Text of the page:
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The Big Lap - West Coast

We reached Perth and had an amazing time there, but I’ll bypass that for now.

The west coast of Australia really motivated us to commit to doing the full lap and two weeks between Perth to Exmouth did not disappoint. We had the expectation that civilisation was sparse and there wouldn’t be a tonne to do but the reality differed. For a driving holiday I found the density of activities just right.


A note here on our driving style. We stop a lot. I remember travelling as a child we basically were not allowed to stop. Use the toilet before you go and that’s it for 3 or 4 hours, regardless of the adult driver. Lucy renders that technique impossible, unless I want a very wet passenger seat. Stopping every 30 to 40 minutes is great because you really get a sense of the local area and you get to spend 50% more time on the road……

The thing about the WA coast is the photos do a lot of the talking, so we'll walk & talk:

The Pinnacles


First up was the Pinnacles, just over 2 hours North of Perth (3 hours for us). I read a bit about these in advance and people are very excited by them and while I can understand why, I was indifferent to them. Hangover bay is across the road if you're feeling ropey.


Jurien Bay Jetty


A quick stop at Jurien Bay for a veggie pasty and a look at the jetty. Incredibly tempting to jump off but there are signs saying not to do it and I didn’t have the self-confidence to be disobedient.


Sandy Cape


There is a big beach campground here with tonnes of spots, beautiful sand dunes and stunning sunsets. Even the sting of a jellyfish wasn’t enough to spoil the mood. There were a couple of resident dolphins to share the bay with too.


Coronation Beach Campground


The nearby town of Geraldton is surprisingly nice and has plenty of hip cafes with amazing food and coffee. I don’t know exactly why I was surprised. I just expected it to be a backwards. Happily proven wrong. You can catch some waves there too but none big enough for me.


Kalbarri National Park

Kalbarri National Park was stunning. It is split into a coastal park and an inland park with red gorges. Each visitor to the inland park is accompanied by roughly 100 flies that will be on you for the duration of your stay. That service is complimentary and mandatory. Without a net, you will die of frustration. With a net, you look like a preppy jerk. To ensure you are not comfortable, the gorge is 10 degrees hotter than the coast. There is a loop hike which looks incredible however it had to be completed before 7am in March due to the heat. That said, it was well worth the effort and detour from the main highway.


Eagles Bluff / Denham / Monkey Mia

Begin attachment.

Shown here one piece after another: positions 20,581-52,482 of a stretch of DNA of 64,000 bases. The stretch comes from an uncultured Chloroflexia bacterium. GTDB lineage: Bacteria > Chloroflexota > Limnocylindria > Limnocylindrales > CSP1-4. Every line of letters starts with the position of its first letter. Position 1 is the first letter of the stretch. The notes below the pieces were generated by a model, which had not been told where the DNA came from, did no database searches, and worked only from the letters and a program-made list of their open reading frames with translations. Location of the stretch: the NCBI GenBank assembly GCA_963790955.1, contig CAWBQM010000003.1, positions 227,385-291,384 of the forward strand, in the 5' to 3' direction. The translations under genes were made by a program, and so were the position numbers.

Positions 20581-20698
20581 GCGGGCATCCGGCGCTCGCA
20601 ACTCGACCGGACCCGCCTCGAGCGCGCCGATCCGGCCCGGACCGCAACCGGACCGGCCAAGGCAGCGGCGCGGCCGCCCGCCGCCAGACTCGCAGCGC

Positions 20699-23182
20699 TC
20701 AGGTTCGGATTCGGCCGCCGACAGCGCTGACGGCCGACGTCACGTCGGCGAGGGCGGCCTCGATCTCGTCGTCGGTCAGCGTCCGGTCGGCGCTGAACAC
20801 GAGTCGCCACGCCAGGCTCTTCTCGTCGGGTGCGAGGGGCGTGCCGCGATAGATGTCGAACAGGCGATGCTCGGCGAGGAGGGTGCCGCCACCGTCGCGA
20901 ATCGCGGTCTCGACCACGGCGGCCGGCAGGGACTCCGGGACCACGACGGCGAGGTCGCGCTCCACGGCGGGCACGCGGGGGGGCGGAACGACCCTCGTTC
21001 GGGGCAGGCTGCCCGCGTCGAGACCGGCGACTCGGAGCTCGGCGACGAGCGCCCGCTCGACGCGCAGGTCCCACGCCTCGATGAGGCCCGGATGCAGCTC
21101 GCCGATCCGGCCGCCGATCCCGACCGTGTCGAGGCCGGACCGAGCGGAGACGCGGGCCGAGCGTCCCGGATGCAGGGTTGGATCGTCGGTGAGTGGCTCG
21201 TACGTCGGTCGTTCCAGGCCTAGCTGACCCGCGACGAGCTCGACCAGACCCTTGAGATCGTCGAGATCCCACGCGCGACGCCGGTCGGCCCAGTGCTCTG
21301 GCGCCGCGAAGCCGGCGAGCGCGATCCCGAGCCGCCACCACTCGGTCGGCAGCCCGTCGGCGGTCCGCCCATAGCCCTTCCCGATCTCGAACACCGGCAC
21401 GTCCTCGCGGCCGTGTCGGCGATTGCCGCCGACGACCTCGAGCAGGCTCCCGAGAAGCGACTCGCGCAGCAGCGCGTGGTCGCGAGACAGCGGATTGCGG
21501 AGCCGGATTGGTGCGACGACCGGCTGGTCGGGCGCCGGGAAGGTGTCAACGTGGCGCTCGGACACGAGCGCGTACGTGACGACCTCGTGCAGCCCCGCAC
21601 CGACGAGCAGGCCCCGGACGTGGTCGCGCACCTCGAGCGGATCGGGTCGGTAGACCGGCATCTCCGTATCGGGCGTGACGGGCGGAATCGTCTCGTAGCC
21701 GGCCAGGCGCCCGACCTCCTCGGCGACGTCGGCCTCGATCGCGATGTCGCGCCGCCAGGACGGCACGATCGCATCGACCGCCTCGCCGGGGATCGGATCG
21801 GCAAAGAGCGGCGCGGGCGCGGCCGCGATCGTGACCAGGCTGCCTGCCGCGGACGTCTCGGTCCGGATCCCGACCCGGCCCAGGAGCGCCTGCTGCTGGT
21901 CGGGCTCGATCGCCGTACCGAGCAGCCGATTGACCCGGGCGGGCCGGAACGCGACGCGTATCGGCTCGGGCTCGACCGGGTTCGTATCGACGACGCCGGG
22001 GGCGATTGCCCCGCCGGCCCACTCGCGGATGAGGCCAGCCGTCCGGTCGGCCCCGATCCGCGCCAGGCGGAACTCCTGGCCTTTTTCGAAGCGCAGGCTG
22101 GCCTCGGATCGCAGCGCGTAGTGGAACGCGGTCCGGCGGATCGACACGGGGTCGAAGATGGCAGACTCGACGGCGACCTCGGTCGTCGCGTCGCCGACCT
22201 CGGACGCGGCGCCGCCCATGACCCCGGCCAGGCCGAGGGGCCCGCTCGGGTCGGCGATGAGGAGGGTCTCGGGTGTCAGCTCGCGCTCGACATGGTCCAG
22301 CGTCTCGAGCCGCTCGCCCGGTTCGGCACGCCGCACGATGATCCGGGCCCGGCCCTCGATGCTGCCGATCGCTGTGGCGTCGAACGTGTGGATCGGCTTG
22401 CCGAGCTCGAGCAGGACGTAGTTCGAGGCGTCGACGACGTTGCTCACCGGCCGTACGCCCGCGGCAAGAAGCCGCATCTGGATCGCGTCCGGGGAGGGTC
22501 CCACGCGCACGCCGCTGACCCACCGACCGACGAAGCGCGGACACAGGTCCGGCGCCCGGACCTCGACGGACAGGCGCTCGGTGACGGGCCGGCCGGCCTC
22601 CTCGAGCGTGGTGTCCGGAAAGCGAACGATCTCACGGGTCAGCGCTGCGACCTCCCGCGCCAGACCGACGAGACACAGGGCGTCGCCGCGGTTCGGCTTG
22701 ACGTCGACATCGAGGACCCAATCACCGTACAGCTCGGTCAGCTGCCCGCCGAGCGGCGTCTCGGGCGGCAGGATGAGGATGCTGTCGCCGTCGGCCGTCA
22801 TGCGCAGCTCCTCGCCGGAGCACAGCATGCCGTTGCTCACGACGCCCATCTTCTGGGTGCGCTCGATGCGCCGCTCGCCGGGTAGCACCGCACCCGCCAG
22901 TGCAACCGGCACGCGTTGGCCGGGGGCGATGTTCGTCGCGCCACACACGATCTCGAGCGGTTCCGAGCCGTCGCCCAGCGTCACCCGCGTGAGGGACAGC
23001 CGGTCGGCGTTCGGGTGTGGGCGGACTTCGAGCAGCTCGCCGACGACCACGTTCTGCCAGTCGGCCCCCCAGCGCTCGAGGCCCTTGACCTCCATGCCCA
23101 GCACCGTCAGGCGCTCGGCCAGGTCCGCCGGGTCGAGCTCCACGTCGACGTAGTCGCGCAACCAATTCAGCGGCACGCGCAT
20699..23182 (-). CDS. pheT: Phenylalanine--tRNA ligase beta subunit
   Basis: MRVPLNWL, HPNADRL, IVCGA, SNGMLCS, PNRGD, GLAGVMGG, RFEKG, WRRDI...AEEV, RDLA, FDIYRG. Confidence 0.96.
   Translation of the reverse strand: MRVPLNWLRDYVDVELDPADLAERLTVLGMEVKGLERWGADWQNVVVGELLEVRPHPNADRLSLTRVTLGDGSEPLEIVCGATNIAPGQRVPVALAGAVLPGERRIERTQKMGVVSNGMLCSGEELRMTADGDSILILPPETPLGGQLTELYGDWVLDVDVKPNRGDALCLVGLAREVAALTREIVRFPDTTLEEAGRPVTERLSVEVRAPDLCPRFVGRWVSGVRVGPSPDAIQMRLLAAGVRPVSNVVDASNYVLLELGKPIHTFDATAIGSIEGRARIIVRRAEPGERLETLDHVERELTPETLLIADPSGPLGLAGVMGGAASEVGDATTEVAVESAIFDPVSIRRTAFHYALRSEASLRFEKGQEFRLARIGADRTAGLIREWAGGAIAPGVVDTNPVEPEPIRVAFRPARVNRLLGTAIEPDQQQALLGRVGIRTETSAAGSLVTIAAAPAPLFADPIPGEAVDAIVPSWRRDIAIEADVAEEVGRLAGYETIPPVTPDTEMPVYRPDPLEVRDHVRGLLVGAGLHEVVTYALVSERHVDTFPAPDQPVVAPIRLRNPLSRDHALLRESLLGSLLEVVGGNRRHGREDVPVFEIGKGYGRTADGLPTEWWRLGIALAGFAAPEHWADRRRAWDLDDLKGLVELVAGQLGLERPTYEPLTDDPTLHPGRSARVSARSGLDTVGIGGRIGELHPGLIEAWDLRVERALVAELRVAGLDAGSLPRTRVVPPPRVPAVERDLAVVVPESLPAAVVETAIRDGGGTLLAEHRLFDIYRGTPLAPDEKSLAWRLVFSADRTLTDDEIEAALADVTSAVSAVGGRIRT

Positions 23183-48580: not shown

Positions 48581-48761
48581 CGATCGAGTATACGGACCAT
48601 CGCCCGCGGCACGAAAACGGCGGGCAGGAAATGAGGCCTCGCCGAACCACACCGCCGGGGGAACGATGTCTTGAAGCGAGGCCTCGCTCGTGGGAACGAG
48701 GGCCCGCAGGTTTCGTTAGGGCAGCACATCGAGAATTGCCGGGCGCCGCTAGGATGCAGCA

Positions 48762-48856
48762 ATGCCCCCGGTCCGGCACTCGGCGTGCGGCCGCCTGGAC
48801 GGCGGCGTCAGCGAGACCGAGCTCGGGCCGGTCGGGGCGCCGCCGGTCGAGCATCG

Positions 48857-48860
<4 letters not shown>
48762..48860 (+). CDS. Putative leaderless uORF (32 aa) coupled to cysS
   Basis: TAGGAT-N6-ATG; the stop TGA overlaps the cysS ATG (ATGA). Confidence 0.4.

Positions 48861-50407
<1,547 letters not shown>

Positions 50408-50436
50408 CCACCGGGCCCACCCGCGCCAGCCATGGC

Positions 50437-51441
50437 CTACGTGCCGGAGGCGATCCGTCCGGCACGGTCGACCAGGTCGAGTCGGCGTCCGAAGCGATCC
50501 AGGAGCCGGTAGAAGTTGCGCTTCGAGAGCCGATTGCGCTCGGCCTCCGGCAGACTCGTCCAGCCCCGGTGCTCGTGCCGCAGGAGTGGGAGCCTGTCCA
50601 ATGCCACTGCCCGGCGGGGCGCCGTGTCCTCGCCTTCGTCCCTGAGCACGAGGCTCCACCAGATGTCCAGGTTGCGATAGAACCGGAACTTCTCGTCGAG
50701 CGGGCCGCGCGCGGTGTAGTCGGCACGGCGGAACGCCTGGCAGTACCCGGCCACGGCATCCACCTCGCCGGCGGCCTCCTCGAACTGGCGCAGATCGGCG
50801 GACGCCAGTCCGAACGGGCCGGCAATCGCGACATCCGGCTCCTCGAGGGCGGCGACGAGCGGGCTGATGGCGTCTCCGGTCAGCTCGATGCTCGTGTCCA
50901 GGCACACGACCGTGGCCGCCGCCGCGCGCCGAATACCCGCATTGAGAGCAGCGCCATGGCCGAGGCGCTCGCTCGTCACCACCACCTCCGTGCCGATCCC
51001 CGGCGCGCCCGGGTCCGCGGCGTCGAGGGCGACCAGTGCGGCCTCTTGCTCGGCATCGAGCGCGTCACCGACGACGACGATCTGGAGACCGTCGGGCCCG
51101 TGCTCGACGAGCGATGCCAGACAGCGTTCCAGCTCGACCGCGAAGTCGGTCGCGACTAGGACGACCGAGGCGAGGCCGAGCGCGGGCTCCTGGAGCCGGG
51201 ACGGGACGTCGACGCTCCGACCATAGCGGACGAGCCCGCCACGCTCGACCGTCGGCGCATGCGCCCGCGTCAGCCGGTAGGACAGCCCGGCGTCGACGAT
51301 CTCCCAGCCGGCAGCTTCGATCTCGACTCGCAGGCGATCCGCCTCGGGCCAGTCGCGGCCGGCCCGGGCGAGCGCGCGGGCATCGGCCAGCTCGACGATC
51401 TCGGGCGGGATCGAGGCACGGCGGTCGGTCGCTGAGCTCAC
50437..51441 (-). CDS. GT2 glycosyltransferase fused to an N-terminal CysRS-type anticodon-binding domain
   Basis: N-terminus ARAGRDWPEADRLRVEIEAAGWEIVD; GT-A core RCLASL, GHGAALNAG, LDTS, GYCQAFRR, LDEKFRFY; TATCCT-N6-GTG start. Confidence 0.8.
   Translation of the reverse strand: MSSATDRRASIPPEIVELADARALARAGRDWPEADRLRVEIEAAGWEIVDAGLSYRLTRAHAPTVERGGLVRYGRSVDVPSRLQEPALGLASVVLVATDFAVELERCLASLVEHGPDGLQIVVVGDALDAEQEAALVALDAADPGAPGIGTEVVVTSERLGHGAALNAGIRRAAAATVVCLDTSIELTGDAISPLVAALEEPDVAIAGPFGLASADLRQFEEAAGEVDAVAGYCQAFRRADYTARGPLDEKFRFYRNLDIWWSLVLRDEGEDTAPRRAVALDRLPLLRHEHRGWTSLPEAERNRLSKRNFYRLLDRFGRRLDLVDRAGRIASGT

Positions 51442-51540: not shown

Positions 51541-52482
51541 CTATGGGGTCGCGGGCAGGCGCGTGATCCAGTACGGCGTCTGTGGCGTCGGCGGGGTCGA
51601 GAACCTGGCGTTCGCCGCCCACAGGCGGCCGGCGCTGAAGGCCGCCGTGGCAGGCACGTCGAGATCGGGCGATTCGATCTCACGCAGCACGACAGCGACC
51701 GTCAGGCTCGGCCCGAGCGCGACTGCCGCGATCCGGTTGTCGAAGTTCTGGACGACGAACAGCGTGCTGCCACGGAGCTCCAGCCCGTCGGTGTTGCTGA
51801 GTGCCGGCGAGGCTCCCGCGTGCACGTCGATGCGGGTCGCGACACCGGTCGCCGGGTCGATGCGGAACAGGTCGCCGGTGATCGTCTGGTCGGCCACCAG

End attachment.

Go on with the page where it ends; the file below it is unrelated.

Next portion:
Not far from Kalbarri, but inexplicably a 4 hour drive, is Denham, a nice seaside village on Sharks Bay where people and emus live in harmony. I twisted my ankle warming up for a run here. Don’t warm up on untested grass, emus won't help you. The famous Monkey Mia resort is the other side of the peninsula where you can feed dolphins and take a boat trip to see whale sharks in Shark Bay. What impressed us most was Eagle Bluff lookout point south of Denham. From a high vantage point you can see through the crystal clear water to spot turtles, sting rays and sharks! Bring binoculars.

Point Quobba


Blowholes, they really work, who knew? It was here that a Belgian couple dug their camper into some soft sand. They were lucky I managed to pull them out as I'm not really your "go-to-guy" in these situations and my French is very poor. From a free camp here it was not far to the aptly named Coral Bay. Great snorkelling. We swam with a turtle for the first time here. Lucy named him Morty.


Exmouth - sunsets and our van in the baking evening heat.


Ningaloo reef is unique in that nowhere else on the planet can you access a large coral reef so easily. There are easy access beaches in Cape Range National Park and we went snorkelling on three early mornings, seeing tonnes of fish, turtles, sharks and sting rays. There are coastal drifts that you can simply float on and enjoy the marine life below. It is possible to see gentle whale sharks but we were not so lucky.

You could easily spend many weeks on this coast and there is plenty we bypassed along the way. Many of the above were seen in a morning or afternoon and at times we were at risk of burning out we did so much so fast. We were happy to spend four nights near Exmouth and that alone was worth the trip up the west coast. It’s a good thing too, because back in civilisation, things were beginning to escalate and suddenly we had some thinking to do about our next move........







Roa at Sandy Cape Beach


Kalbarri sunset



The Pinnacles at sunrise

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